Learning Across Teams
Learning Across Teams: The Role of Communities of Practice in Team Organizations by Richard McDermott1 Many companies today are moving to a new organizational model in which cross-functional teams are the key building block of the organization. While cross-functional teams are great vehicles for producing products and services, they have some key limitations. Cross-functional teams can become insulated from each other, focusing on team goals and reinventing ideas and analyses from other teams. The “double-knit” organization links cross-functional teams together through communities of practice and enables teams to systematically learn from each other.
Sharing Learning at Shell Ever since Shell Oil’s Deepwater Exploration division reorganized into cross-functional teams, Mary, a petrophysicist, had a much easier time coordinating with the people she depends on for information. Located at the same end of the hall with the other engineers working on plans to drill a prospect in the Gulf of Mexico, she can informally stop by and discuss the timing of key aspects of the project, her interpretation of results, or the logic behind a conclusion. She can now immediately communicate information she used to wait for team meetings to share. But she misses some parts of the old functional organization. When she was located with other petrophysicists, she could walk down the hall to discuss her interpretation of data with a colleague, find out how well a new analytic tool really worked, or hear about emerging issues in her field. Now she needs to find a colleague several floors away or make an appointment for an informal discussion. If she could only have the best of both worlds: easy contact with the other engineers working on her project and easy access to engineers in her own discipline.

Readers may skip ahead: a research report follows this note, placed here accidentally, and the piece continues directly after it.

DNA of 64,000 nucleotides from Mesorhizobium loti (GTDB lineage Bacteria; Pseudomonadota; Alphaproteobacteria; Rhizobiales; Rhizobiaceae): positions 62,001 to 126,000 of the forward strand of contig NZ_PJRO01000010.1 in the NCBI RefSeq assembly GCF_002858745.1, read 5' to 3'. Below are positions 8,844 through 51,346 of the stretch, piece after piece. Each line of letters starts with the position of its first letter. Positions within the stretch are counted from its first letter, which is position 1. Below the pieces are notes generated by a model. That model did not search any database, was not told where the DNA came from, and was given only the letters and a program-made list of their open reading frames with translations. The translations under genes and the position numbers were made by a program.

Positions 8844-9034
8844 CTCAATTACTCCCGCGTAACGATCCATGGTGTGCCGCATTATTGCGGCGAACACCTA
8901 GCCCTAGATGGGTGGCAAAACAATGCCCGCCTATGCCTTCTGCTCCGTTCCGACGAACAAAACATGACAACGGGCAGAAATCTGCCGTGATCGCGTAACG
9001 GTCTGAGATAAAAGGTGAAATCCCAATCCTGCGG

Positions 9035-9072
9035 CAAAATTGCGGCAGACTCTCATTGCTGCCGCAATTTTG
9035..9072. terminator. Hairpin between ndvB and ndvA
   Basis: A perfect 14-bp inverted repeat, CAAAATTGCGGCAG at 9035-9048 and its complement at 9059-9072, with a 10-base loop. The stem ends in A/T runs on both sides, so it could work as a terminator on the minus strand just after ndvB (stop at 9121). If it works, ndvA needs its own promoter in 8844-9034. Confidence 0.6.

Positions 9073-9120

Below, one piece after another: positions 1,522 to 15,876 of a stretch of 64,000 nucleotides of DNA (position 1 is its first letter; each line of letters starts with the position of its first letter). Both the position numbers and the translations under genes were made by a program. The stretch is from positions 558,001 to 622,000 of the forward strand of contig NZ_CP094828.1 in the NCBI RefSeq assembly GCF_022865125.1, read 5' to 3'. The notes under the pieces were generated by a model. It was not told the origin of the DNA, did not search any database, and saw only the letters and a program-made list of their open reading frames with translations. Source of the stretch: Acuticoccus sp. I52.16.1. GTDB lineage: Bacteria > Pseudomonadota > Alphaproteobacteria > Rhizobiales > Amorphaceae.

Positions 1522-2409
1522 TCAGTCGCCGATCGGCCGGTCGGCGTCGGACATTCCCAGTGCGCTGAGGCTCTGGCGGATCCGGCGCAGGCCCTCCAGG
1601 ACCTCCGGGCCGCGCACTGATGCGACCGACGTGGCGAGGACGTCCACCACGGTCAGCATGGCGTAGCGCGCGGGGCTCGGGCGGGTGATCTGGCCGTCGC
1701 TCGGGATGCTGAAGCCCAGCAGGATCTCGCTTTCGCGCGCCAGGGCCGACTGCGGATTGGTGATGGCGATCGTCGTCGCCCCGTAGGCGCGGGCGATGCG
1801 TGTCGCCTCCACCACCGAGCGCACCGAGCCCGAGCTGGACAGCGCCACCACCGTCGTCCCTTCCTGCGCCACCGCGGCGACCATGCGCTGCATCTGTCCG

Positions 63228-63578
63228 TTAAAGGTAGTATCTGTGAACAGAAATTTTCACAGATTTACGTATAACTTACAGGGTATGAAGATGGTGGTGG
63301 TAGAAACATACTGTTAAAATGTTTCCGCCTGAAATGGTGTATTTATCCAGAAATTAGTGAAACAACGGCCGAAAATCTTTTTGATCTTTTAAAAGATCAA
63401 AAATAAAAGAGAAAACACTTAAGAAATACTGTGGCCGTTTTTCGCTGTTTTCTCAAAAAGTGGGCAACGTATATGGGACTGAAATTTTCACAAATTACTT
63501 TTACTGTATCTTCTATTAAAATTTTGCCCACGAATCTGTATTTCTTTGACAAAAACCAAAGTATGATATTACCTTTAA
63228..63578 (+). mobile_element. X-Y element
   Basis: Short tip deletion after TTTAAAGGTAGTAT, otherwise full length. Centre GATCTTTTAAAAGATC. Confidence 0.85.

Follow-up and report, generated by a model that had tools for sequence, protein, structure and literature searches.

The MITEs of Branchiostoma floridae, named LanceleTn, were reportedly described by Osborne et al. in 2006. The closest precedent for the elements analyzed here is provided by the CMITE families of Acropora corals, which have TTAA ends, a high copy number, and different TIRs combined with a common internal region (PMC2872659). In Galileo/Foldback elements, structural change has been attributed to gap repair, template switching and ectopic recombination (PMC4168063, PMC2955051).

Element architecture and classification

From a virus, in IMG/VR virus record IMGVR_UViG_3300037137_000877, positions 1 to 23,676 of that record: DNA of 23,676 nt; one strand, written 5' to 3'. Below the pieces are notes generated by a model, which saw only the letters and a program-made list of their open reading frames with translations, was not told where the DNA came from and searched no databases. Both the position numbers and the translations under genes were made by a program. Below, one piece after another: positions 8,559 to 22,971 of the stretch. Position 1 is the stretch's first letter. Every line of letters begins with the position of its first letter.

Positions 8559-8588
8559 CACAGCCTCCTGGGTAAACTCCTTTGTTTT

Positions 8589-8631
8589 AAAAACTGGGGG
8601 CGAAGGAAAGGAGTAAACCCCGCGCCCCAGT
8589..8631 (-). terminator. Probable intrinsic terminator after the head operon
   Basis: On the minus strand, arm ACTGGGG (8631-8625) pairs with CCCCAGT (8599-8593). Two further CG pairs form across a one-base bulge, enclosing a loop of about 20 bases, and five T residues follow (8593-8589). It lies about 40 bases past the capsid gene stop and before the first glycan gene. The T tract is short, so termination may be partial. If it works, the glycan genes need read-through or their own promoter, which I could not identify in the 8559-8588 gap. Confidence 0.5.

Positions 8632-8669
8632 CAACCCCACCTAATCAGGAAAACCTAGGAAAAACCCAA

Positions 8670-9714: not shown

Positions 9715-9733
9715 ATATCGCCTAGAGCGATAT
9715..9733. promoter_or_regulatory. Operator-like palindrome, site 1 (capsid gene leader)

The Team Organization In many companies, teams are the building blocks of the organization. Over the last decade, many companies have implemented a new model of organization. Instead of functional and departments -- like sales, engineering, and manufacturing – they are adopting team-based structures in which teams are responsible for key organizational outputs. In some cases these are whole products or services. In other cases, they are sub-products or elements of the organization’s “value–chain” (Katzenbach and Smith, 1993). In manufacturing, teams of multiskilled operators build a whole product, or major components of a product. In new product development, people from sales, marketing, research, engineering and manufacturing team up to design products and bring them to market quickly and cheaply. In professional service firms, 1. Published in Knowledge Management Review, May/June, 1999. Copyright 1998 by Richard McDermott. Thanks to Etienne Wenger, Bill Snyder, Mike Mahaffie, Sue Gilly for comments on earlier drafts. A series of articles on leveraging knowledge is available from Richard McDermott, McDermott & Co., 189 Overlook Lane, Boulder, Co 80302 Tel: (303) 545-6030. E-mail: [email protected]
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Learning Across Teams
people with different backgrounds team up to provide a full range of services to a client. In oil exploration, teams of geologists, geophysicists, reservoir engineers, petrophysicists, and other disciplines team up to find and assess the potential value of an oil prospect. A team is a group of people with a common goal, interdependent work, and joint accountability for results. In team-based companies, teams are composed of people from different professions or jobs so that all the knowledge and skill needed to produce a whole output is represented. They are frequently responsible for producing key products or services. Their business directives, common goals, and joint accountability tie them together into a cohesive unit. They usually sit together and report to the same boss (Katzenbach and Smith, 1993). Teams reduce hand-offs. Because they are located tog